Life in old age: learning to cope with a mind cluttered with the past
Peter Kammerer watches his mother struggle to come to terms with letting go of possessions collected over a lifetime that now constitute her very identity
I want the best for my mother, who, at 85 years of age and frail after several falls, is well and truly in her twilight years. Yet there is little I can do to make her life easier as she resists change. She lives alone in the house in Australia that my father built in 1958 and refuses to move, insisting that this place is where she will die. The rooms are cluttered with possessions, more than enough for the family of four that once lived there, but far too much to take care of for a single, elderly person in poor health.
My twice-yearly visits are filled with good intentions. Repairs difficult to take care of long distance get carried out and checks are made to see that bills have been paid. Medical records are examined and tweaks made, if necessary, to outside help for cleaning, shopping and gardening. Those essentials taken care of, I then turn my attention to the bulging shelves and cupboards.
Bulging is an understatement. My mother is a hoarder. She keeps all she has bought and been given as a gift, to the point that clothes are jammed into closets, shelves packed with what she calls “knick-knacks” and plates and dishes precariously stacked. Chairs and tables line walls; the whole creates a jumble that makes it difficult to move in some rooms.
Visitors are awed by the sight of so much stuff and how much of it is so old, yet well preserved. To them, the house is a museum, a peek into a bygone era. But they don’t see her hundreds of clothes, many that have never been worn. Nor do they know that, if anything is broken or lost, there is a demand to replace it with exactly the same.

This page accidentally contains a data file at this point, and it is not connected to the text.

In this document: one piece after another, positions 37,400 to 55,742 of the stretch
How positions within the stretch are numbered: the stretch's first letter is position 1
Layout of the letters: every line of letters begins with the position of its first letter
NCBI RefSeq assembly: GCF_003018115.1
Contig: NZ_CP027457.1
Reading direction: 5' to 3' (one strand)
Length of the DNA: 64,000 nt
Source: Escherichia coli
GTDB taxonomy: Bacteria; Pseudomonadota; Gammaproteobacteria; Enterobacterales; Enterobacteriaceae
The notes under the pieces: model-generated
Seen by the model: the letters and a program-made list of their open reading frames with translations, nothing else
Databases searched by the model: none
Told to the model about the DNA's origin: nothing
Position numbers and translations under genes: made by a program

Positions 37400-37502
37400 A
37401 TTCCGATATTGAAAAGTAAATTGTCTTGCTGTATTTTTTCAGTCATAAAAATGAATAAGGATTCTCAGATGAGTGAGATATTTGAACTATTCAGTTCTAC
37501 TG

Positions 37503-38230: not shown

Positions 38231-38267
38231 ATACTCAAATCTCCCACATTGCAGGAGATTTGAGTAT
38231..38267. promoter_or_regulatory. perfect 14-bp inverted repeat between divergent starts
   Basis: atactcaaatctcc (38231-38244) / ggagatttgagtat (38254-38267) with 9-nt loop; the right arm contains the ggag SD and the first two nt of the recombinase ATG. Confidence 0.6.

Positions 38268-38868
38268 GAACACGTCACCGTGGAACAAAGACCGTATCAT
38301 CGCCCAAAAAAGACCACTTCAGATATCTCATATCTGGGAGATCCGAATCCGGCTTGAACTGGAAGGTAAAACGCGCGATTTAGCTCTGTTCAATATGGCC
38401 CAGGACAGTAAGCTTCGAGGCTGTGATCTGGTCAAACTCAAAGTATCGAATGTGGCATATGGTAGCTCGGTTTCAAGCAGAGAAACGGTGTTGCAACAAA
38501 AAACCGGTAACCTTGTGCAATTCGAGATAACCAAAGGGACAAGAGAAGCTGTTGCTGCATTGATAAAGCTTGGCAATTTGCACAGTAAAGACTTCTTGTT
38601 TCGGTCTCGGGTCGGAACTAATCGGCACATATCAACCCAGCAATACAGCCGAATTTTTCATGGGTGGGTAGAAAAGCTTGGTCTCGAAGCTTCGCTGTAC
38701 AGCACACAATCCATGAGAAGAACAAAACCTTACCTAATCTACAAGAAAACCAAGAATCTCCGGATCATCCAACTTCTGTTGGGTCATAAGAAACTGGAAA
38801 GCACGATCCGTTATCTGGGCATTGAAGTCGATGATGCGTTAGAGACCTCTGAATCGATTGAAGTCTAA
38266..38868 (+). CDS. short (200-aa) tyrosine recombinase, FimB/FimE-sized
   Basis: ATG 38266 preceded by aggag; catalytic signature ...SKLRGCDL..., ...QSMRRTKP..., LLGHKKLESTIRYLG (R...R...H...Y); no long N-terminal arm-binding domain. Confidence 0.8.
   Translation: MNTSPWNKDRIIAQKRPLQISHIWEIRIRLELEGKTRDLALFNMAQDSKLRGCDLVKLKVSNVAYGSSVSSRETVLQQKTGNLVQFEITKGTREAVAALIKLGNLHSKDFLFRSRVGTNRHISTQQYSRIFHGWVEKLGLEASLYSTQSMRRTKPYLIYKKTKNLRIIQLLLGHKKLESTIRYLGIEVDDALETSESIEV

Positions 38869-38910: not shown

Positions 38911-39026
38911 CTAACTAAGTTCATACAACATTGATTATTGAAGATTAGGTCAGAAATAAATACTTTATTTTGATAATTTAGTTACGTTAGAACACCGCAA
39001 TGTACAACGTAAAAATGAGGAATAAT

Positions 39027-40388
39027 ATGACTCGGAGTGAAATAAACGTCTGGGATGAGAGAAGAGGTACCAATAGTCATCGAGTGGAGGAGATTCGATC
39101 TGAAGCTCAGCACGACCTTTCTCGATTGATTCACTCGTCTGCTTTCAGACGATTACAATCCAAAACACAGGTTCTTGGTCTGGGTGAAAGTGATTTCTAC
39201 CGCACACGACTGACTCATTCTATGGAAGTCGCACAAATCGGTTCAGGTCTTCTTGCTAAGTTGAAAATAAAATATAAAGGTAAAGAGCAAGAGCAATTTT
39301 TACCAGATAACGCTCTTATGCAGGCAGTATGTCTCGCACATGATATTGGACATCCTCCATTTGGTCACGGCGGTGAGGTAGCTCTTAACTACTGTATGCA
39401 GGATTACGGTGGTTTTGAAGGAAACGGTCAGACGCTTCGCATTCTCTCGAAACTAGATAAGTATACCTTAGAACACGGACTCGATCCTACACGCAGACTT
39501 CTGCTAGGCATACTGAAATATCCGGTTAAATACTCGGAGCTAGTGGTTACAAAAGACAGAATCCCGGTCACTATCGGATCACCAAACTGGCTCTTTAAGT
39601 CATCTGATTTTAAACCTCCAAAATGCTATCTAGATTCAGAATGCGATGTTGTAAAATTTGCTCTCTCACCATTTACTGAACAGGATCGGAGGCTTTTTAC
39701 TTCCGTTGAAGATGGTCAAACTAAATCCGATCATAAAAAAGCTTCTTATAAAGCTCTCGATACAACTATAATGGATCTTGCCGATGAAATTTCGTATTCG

My mother is proud of her every possession, believing them all to be highly valuable. Indeed, from the point of view that they constitute her identity and memories, they are priceless. But out of curiosity, I have checked their worth and I know that items a working-class family was able to afford half a century ago have appreciated little in value, if at all.
How a chilling conversation with my elderly mother about her 90-year-old doll made me realise she is lonely
Not that my mother is willing to part with any of it. During my visit last month, I suggested contacting an antique dealer to appraise a cupboard full of plates and dishes that had belonged to my grandparents that was blocking easy access to a room. Surprisingly, she agreed. The man and his wife bought the collection within five minutes of arriving and, noticing the stacked shelves, asked if there was anything else that they could look at and perhaps buy.
The first hour of bargaining was entertaining, even comical, with my mother countering offers with higher ones and unorthodox additions like taxes and interest. She was asking thousands of dollars for plates that were worth no more than A$10 (HK$57.70). Deals that had been agreed on were being withdrawn, reasonable offers responded to with anger and accusations of cheating and thievery. By the second hour, my usually placid mother had turned into a raging monster, spitting abuse at people I believed to be decent and honest.
The anger continued after the couple had left with their purchases and it goes on today with regular phone calls complaining about how she is suffering sleepless nights with worry about what else may have been taken behind her back. The disappearance or breakage of items decades ago is being blamed on them and threats are being made to call police.
There is a term for elderly hoarding disorder, Diogenes syndrome. A 2008 American study showed it to be more common than would be expected, with 6.2 per cent of people aged over 55 exhibiting symptoms. I am now only too aware that for some, my mother among them, parting with possessions is wrenching and worse. For them, it is wrong to meddle with the past.
Peter Kammerer is a senior writer at the Post